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Iodine Clock Reaction

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Introduction

Annesha Mohamed Dec. 7th/2004 IODINE CLOCK REACTION The rate law states that r, will always be proportional to the product of the initial concentrations of reactants, where these concentrations are raised to come exponential values. The order of reaction is the exponent value that describes the initial concentration dependence of a particular reactant. If the order of reaction is 0, then doubling the initial concentration of a reactant has no effect on rate; if order of reaction is 1, then doubling initial concentration doubles rate; and if order of reaction is 2, then doubling initial concentration quadruples rate of reaction. "Iodine Clock" refers to a group of reactions which involve the mixing of two colorless solutions to produce a solution which remains colorless for a precise amount of time, then suddenly changes to a deep purple-blue color of starch-iodine complex. The time is controlled by the temperature and/or the concentrations of the reactants. The rate of this reaction depends on the temperature, and on the concentrations of iodate ions. This reaction alone does not give very impressive delays and color changes. The time delay until the appearance of the blue color is inversely related to the rate of the reaction --the faster the reaction, the shorter the delay but the color development is directly related to the rate--a sharp change in the color requires a moderately fast reaction. ...read more.

Middle

The time taken for the change colour to occur was measured from the first drop of Solution A in Solution B to the first appearance of colour in new solution. The pipette was not allowed to touch Solution B so as to eliminate the need for rinsing it after each reaction. o Additionally, the contents of Well 2 of spot plate A were transferred to Well 2 of spot plate B and the time elapsed before colour change was evident was recorded. This process was continued until no visible traces of colour could be detected when different concentrations of Solution A were added to constant concentrations of Solution B. OBSERVATIONS/ANALYSIS: The reactions are: 1. IO3- + 3HSO3- --> 3SO4 2- + 3H+ (slow) 2. 5I- + IO3- + 6H+ --> 3I2 + 3H2O (slow) When all the Bisulfite is used up: 3. I2 + HSO3- + H2O --> 2I- + SO4 2- + 3H+ (fast) 4. I2 + I- --> I3- (fast) 5. I3- + starch --> I3- starch complex (blue black) [KIO3] 0.0522 mol/L [NaHSO3 ] 0.0538 mol/L Time(s) 1 ?t(s) Final concentration of Solution (mol/L) V2 equals 20 drops 0 0 0 0 0 10 drops 10 drops 5.490 0.1821 C1V1 = C2V2 0.0522 x 10 = C2 20 C2 = 0.02610 ...read more.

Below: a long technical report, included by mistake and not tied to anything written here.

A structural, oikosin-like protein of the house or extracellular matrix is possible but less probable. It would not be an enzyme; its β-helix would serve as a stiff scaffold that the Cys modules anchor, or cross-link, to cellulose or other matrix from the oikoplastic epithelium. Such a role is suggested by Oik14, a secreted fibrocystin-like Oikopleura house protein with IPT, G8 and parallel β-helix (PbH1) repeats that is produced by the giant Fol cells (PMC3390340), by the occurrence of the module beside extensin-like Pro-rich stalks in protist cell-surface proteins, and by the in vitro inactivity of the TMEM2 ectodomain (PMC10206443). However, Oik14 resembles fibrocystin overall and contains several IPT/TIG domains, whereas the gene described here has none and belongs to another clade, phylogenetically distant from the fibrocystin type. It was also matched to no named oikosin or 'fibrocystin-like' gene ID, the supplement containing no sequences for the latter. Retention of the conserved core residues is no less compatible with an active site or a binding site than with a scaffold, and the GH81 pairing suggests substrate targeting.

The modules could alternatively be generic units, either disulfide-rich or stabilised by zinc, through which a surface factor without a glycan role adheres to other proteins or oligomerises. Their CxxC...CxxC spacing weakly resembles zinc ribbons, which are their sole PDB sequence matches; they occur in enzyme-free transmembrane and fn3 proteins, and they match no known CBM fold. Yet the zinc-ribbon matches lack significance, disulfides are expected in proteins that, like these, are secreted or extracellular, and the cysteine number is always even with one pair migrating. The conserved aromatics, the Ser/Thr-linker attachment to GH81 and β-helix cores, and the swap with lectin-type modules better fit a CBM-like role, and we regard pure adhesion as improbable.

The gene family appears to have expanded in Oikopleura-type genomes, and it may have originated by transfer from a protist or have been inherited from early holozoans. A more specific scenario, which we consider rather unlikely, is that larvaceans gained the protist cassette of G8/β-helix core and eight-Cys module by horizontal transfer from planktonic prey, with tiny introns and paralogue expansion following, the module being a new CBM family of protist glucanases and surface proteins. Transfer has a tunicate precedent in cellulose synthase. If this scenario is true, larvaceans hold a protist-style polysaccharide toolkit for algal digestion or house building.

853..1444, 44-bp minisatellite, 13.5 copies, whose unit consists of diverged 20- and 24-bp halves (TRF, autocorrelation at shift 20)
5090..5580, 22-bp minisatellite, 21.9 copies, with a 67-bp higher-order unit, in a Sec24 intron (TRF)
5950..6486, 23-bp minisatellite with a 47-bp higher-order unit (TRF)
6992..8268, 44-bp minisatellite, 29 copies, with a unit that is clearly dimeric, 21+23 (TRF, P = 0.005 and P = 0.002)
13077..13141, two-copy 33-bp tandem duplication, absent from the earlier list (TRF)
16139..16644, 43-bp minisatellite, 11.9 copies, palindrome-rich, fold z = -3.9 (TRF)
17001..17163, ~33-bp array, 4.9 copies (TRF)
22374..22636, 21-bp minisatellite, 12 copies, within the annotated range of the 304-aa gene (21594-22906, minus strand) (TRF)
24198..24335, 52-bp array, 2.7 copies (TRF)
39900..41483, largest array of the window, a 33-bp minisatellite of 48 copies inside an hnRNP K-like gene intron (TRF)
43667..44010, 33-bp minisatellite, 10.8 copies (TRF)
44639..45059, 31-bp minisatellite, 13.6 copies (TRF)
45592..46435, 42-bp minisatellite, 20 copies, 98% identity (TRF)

Conclusion

(i.e. if the concentration of iodate ions is doubled, the rate of reaction will also be doubled. Doing such investigations can be tedious, but the realization that the results are actually beneficial and reliable makes it worthwhile. In this reaction though, errors occur, but not so much that the results were not acceptable. Firstly, the concentration of reactants may have been inaccurate. It is important to add specific volumes of water to the wells for Solution A, so as to dilute the concentration, and yield a volume of 10 drops of solution in the well. The sizes of the water drops were not all equal, even though pipettes were cautiously picked so that all three looked about the same size. When transferring Solution A from spot plate A to B, the pipette might have accidentally touched Solution B. This would have thrown off the accuracy of the concentration of Solution A. As always, measuring short time intervals prove difficult and times may have been inexact. Nonetheless, the goal of the experiment was met. A dramatic colour change enabled us to investigate the effect of concentration on rate of reaction and figure out that when concentration of reactants and rate of reaction increase proportionally, the order of reaction is 1. ...read more.

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